The December 2014 issue of CNO Review features an article about unaccompanied minors in the U.S. and how they interact with the Ohio court system. According to the article, with the recent arrivals of significant numbers of unaccompanied minors at the border, Ohio has seen over 500 placed within the state between January and September 2014. Even before the influx of children at the border and President Obama's executive order for immigration action last month, however, immigrant children were present in Ohio and interacting with Ohio courts through a special immigration remedy called Special Immigrant Juvenile Status (SIJS).
Designed to help children who have been abused, neglected or abandoned, SIJS is somewhat unique in that it requires state courts to be involved in the process of a child obtaining immigration status. According to the USCIS, a family or juvenile (or similar) court must find that the child cannot be reunited with a parent due to abuse, neglect or abandonment and that it is not in the child's best interest to be returned to the home country. The court must also find the child dependent, or legally order him or her to be placed with a state agency, a private agency or a private person. The child then may be able to apply for SIJ status, as long he is under 21, still within the jurisdiction of the court (unless he aged out through no fault of his own), is unmarried and is still living in the U.S. Children who obtain SIJS may then be eligible to apply for a green card.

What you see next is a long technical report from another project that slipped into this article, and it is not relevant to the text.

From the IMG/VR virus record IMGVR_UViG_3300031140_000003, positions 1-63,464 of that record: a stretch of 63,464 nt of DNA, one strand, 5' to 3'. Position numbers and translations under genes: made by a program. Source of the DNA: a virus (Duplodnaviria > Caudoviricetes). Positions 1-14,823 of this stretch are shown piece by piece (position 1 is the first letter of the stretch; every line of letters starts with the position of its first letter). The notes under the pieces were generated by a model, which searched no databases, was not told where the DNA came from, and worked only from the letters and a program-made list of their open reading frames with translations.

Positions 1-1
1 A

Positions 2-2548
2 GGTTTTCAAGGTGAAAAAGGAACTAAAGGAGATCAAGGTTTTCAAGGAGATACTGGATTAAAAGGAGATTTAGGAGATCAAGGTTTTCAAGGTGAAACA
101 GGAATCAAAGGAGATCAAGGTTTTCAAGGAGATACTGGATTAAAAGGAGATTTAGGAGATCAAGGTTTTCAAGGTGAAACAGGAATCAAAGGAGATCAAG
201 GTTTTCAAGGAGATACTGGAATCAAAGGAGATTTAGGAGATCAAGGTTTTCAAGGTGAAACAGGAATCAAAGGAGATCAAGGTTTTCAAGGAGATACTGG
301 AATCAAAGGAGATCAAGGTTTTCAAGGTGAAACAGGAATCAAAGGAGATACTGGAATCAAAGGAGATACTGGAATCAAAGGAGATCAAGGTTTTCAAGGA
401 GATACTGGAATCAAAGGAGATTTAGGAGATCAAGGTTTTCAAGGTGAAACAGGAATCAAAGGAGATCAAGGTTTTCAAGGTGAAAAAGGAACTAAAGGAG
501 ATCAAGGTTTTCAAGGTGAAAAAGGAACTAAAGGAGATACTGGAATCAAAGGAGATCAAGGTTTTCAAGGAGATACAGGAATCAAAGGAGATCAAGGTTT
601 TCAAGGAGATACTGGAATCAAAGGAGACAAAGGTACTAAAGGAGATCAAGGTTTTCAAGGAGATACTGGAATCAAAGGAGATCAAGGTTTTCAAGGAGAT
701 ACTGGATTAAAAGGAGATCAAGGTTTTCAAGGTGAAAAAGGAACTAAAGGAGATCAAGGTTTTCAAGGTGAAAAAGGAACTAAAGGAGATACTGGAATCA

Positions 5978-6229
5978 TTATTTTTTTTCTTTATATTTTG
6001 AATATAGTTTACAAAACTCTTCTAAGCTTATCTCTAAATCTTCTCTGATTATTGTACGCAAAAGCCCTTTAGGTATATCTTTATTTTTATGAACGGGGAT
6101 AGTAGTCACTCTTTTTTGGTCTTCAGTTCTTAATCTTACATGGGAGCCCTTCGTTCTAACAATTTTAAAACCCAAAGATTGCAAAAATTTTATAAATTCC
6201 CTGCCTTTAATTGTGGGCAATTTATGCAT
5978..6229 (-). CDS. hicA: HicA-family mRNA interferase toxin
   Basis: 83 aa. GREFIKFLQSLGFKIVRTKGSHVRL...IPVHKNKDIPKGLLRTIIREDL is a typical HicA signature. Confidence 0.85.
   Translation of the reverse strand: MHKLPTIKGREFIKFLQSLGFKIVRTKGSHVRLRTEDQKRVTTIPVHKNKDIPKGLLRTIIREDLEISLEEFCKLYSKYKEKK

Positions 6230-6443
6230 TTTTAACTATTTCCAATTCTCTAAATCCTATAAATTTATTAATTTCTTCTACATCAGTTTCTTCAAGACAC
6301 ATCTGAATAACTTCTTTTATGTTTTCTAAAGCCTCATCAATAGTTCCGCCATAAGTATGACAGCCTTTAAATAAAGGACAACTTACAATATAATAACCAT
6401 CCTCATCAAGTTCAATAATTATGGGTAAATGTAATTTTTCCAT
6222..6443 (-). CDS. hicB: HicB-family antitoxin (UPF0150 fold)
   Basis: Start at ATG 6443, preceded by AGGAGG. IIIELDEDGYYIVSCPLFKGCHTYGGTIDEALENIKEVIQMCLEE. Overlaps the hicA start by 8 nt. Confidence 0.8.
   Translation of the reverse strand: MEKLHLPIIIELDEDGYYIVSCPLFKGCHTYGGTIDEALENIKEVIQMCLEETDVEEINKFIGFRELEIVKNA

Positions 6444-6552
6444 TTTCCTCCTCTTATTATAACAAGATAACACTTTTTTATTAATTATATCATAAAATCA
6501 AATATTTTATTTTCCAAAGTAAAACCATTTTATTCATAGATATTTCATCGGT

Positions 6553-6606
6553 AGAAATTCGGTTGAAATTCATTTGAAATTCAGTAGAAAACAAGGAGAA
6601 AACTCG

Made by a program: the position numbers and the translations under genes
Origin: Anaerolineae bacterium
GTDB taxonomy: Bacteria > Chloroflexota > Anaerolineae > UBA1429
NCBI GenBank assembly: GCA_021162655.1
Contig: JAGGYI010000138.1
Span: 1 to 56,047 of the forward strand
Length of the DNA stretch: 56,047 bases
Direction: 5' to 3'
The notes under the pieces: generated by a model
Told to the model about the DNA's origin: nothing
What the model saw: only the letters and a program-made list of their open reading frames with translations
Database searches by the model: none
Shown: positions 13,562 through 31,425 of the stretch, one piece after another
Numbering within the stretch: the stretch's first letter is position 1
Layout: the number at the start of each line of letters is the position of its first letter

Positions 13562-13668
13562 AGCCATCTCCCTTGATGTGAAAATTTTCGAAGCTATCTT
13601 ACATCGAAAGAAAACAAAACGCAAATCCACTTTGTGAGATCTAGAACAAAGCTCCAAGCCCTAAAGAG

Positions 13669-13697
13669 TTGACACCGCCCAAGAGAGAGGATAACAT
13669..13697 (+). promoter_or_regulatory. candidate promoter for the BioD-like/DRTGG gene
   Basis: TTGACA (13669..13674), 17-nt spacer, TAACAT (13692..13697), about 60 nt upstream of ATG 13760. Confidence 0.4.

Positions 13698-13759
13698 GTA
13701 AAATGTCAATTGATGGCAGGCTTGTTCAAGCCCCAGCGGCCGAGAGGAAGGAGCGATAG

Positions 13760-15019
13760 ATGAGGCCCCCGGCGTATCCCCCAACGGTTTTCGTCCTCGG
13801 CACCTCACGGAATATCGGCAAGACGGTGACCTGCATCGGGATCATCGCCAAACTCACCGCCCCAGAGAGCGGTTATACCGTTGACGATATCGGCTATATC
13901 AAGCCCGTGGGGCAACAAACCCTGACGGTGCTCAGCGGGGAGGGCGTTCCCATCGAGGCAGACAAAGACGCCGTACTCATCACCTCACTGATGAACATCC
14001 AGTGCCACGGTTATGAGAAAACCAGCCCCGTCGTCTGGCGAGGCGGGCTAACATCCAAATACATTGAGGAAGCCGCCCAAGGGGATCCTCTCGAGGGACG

The article quotes several family, juvenile and probate court judges who have seen many immigrant children in their courtrooms and expressed concern for their well-being and best interest. Judge Terri Jamison of Franklin County Domestic Relations and Juvenile Court divisions stated, “We must use the standard that it is not in the child’s best interest to be returned to their country, and in the cases I’ve seen it is in their best interest to stay here in order to keep them from being taken advantage of." Lorain County Domestic Relations/Juvenile Court Judge Debra Boros also raised the issue of notifying the absent parent of proceedings, which can be challenging when that parent is in another country.
According to the article, with increasing numbers of immigrant children in the state, awareness initiatives and education about issues surrounding immigrant children and immigration remedies are becoming increasingly in-demand. The Ohio Judicial College has already addressed some of the related custody issues in a webinar in November, and will likely present more on this topic in the future.